Theme of the Week: Heart, Mind, Strength
Bible Verse: “Amen! Praise and glory and wisdom and thanks and honor and power and strength be to our God for ever and ever. Amen!” Revelation 7:12
Scripture Reading: Revelation 7:9-17
One of my most delightful memories is from the summer of 1984, when for five days I had the privilege of camping amongst the Swiss Alps. On one morning drive, as I was particularly exulting in the beauties around me, I looked over my shoulder at my two kids (ages eleven and eight at the time) in the back seat, their heads buried in comic books. In response to my energetic exclamations, they briefly looked around, said, “Oh,” then went right back to their comics. That really irritated me!
The question is, why? Why was my enjoyment of the beauty of the mountains not sufficient on its own without an equal response from everyone else in the car? The answer to that question relates directly to yet another aspect of what it means to love God with all our hearts.
To love Him with all our hearts means to worship Him for who He is. When John got a glimpse of heaven in the book of Revelation, he saw inside that open door a crowd worshiping God, saying, “You are worthy, our Lord and God, to receive glory and honor and power, for you created all things, and by your will they were created and have their being” (Revelation 4:11). The Bible may not fully explain why God created us, but it makes it very clear that the most appropriate response of the creature to the Creator is that of ascribing worth, or worship.
The Bible is the story of redemption, of God’s provision for human sin without compromising His holiness, and the restoration of His glory to the position of prime importance in the human heart, thus restoring us to our initial function as worshipers. From beginning to end, it is very clear that we were made to worship, that sin distorted this fundamental purpose and that the entire work of redemption was to restore our function as worshipers of God.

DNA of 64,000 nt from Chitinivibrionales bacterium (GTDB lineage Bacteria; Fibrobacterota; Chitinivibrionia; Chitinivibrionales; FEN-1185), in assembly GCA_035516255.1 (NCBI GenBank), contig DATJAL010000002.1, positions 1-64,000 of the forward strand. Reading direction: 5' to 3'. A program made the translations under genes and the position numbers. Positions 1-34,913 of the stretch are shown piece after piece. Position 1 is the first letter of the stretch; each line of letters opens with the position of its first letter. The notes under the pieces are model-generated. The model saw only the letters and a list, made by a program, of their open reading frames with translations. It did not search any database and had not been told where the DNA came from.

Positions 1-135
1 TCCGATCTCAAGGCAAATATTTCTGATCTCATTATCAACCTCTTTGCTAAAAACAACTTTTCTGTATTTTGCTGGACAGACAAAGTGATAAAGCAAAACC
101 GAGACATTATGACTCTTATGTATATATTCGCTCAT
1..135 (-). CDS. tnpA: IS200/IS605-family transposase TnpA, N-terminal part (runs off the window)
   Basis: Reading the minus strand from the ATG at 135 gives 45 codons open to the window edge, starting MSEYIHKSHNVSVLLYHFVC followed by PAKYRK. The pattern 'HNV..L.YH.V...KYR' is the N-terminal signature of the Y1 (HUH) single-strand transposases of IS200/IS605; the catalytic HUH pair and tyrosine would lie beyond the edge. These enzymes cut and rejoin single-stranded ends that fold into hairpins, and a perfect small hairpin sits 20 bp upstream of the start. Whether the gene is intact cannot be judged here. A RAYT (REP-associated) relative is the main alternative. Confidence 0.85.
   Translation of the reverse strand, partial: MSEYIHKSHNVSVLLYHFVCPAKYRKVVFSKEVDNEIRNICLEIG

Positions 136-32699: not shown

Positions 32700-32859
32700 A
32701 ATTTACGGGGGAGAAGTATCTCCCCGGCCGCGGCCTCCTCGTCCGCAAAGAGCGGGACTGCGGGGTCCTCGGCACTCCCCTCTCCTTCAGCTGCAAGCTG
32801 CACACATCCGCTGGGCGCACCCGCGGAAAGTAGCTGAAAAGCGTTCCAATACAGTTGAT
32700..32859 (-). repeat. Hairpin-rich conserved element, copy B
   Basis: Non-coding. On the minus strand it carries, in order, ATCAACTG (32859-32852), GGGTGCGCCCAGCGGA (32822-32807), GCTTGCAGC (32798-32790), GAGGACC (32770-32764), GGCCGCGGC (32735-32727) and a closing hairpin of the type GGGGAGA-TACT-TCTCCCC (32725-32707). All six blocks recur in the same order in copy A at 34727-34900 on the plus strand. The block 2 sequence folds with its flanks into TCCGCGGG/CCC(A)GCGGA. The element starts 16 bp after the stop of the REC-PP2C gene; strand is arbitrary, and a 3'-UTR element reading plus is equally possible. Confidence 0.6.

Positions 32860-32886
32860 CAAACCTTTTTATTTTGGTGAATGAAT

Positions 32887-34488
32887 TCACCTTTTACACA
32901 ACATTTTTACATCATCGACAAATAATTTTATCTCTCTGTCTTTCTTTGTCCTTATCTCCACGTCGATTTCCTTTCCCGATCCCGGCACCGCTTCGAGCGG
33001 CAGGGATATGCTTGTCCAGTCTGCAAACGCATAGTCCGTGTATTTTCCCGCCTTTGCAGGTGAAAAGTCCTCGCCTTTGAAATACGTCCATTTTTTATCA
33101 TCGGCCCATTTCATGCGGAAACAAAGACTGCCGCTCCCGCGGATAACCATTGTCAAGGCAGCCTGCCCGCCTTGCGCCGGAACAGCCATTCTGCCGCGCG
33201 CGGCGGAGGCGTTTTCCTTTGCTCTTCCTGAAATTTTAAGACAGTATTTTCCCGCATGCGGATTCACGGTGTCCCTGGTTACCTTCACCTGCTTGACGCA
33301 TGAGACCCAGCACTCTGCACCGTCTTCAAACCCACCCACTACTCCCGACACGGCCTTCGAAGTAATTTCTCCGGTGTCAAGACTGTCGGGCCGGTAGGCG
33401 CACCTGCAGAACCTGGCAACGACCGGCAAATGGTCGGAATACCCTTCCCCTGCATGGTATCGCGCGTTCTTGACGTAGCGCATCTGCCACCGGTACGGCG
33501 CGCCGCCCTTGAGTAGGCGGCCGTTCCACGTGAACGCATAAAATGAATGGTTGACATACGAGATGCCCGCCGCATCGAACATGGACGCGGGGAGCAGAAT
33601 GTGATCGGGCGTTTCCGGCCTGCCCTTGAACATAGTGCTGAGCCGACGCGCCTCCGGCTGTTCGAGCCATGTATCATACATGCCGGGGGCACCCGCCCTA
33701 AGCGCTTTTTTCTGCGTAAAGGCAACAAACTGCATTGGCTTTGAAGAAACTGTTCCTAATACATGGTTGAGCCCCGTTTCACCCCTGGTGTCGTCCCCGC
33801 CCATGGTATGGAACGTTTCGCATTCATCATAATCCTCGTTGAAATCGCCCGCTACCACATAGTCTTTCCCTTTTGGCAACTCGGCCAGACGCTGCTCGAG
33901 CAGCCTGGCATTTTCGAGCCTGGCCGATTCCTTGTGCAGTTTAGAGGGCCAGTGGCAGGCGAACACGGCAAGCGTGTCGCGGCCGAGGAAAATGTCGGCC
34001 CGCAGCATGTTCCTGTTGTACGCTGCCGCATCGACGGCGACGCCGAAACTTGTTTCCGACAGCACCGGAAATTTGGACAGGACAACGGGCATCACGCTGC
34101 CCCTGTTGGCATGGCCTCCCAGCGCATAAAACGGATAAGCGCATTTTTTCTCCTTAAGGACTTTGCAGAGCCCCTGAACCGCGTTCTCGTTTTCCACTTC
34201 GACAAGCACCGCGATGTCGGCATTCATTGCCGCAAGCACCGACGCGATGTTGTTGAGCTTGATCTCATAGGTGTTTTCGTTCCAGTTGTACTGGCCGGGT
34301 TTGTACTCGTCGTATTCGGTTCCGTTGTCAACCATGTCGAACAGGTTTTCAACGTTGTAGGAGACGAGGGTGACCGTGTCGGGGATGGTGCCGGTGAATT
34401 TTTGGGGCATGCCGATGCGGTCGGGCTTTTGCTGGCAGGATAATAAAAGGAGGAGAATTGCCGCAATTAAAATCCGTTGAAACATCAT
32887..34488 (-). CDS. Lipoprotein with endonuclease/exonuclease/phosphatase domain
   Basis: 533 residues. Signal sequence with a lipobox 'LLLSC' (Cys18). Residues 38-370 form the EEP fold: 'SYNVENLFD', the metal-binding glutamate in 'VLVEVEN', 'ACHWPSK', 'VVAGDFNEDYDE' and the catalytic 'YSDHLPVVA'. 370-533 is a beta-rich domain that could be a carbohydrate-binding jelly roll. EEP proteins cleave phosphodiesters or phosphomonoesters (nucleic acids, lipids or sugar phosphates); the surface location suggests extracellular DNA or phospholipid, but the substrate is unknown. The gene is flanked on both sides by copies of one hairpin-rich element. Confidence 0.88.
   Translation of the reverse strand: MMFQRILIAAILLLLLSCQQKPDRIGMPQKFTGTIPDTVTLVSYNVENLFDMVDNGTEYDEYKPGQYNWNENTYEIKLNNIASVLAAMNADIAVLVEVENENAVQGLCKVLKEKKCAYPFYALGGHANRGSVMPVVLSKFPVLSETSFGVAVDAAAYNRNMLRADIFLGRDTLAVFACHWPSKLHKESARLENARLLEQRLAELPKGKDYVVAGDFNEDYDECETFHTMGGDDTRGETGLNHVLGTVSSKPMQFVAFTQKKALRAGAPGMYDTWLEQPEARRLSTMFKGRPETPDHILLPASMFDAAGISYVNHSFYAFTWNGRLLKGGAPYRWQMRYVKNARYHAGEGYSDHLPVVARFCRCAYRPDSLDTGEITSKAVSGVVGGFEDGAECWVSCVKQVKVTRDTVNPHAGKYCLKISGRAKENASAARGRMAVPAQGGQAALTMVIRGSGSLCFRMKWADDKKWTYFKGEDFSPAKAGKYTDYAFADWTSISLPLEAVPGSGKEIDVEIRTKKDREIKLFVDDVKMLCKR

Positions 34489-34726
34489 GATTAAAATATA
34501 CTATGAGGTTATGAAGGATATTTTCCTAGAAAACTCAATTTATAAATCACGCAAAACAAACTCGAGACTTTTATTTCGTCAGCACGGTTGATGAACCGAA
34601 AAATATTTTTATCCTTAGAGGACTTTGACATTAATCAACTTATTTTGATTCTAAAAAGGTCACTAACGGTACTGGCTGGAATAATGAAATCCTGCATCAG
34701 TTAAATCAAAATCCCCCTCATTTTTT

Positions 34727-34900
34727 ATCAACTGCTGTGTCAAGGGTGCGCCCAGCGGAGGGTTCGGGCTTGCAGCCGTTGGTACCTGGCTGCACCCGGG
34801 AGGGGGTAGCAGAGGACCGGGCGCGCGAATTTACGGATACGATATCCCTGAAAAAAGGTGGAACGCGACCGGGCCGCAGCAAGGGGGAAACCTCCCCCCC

That is why failing to praise God is the first step toward idolatry. We have been made to worship, and when we encounter God, it should be our natural response. And now I can answer the question I posed earlier about my Swiss Alps experience – why did it bother me that my children did not appreciate the beauty around them? There is something in the nature of their grandeur and their majesty that tells me the only appropriate, sane response is contemplation, admiration and eventual exclamation. Worship is the only appropriate response to God.
You see, if my children decide to read comic books at the foot of the Alps, it doesn’t take away from the grandeur of the Alps; it is my children who are impoverished. That’s the way it is with God. The majesty and holiness of God (and all His attributes, for that matter) remain undiminished when we refuse to worship Him. It is we who become impoverished in the process. Worship is the only appropriate response to God.
Taken from Heart, Mind, Strength: Loving God With All You’ve Got by Sunder Krishnan, Copyright © 2003 by Sunder Krishnan. Used with permission.
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